- Load up on extra antioxidants and anti-inflammatory phytonutrients (Juice and blend lots of organic produce and supplementing with green drinks. Read my post on this.)
- Exercise (Get at least 30 minutes per day of moderate-intensity exercise.)
- Stress reduction (Meditation using brainwave entrainment is my favorite technique. I use Brain Evolution Systems and I recommend this product to anyone who wants to easily and quickly get into a deep meditative state without years of training.)
- Anti-inflammatory supplements (Such as: omega-3 fatty acids, curcumin, low-dose aspirin, etc. Read about numerous other anti-inflammatory supplements here.)
- Getting adequate and quality sleep (Meditation and brainwave entrainment can help with this too if you are having trouble falling asleep or staying asleep. Sleep Salon is one of my favorite products to help you fall asleep more quickly and get less interrupted sleep.)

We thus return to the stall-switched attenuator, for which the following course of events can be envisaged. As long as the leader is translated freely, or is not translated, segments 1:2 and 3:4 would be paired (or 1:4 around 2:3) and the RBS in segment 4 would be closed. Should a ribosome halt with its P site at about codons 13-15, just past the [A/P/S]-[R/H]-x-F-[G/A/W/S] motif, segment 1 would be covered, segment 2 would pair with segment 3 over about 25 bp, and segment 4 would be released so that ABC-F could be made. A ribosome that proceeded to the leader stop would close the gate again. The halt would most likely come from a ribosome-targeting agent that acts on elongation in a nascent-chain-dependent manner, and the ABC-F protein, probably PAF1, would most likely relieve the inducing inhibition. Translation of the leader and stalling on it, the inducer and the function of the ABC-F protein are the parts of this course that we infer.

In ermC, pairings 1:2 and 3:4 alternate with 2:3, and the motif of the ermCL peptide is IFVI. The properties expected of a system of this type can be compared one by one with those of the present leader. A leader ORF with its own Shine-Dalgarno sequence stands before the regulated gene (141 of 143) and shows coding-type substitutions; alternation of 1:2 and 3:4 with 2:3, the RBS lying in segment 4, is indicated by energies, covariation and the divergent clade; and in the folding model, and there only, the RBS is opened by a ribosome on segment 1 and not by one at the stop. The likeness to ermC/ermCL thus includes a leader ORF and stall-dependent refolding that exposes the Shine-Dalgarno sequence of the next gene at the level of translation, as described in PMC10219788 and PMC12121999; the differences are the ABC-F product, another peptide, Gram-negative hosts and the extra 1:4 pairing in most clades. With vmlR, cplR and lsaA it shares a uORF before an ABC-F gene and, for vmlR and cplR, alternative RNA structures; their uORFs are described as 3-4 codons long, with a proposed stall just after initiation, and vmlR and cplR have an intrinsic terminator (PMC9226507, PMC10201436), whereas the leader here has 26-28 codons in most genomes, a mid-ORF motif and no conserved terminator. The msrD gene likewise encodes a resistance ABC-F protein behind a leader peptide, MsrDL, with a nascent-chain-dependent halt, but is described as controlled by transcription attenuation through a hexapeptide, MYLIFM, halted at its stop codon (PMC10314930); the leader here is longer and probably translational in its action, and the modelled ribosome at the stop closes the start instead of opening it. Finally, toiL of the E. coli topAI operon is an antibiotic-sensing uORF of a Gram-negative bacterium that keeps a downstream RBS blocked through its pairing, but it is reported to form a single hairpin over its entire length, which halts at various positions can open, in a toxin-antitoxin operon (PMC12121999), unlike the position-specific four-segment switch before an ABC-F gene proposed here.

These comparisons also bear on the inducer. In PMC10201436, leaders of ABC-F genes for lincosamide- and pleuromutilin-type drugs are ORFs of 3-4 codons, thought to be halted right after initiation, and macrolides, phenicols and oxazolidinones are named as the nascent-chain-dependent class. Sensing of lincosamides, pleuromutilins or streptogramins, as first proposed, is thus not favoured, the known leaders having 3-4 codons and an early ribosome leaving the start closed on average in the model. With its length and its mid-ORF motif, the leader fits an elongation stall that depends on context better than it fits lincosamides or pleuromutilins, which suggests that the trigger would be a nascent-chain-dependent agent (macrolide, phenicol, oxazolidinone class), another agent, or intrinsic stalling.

- Reduce exposure to environmental toxins (pay attention to your personal care products, household cleaning products, food, limit alcohol, avoid tobacco, drink purified water, etc.)
- Mind Body Therapies:
- In many ancient medicine systems (i.e. traditional Chinese medicine, Ayurvedic medicine) it is believed that the flow of energy in the body (i.e. qi, prana, etc.) promotes wellness and health, whereas imbalances (too much or too little) or disruptions in the flow of this energy can manifest with untoward symptoms or illness. The following are some of the more commonly recommended therapies which may be used to help optimize the flow and balance of this energy: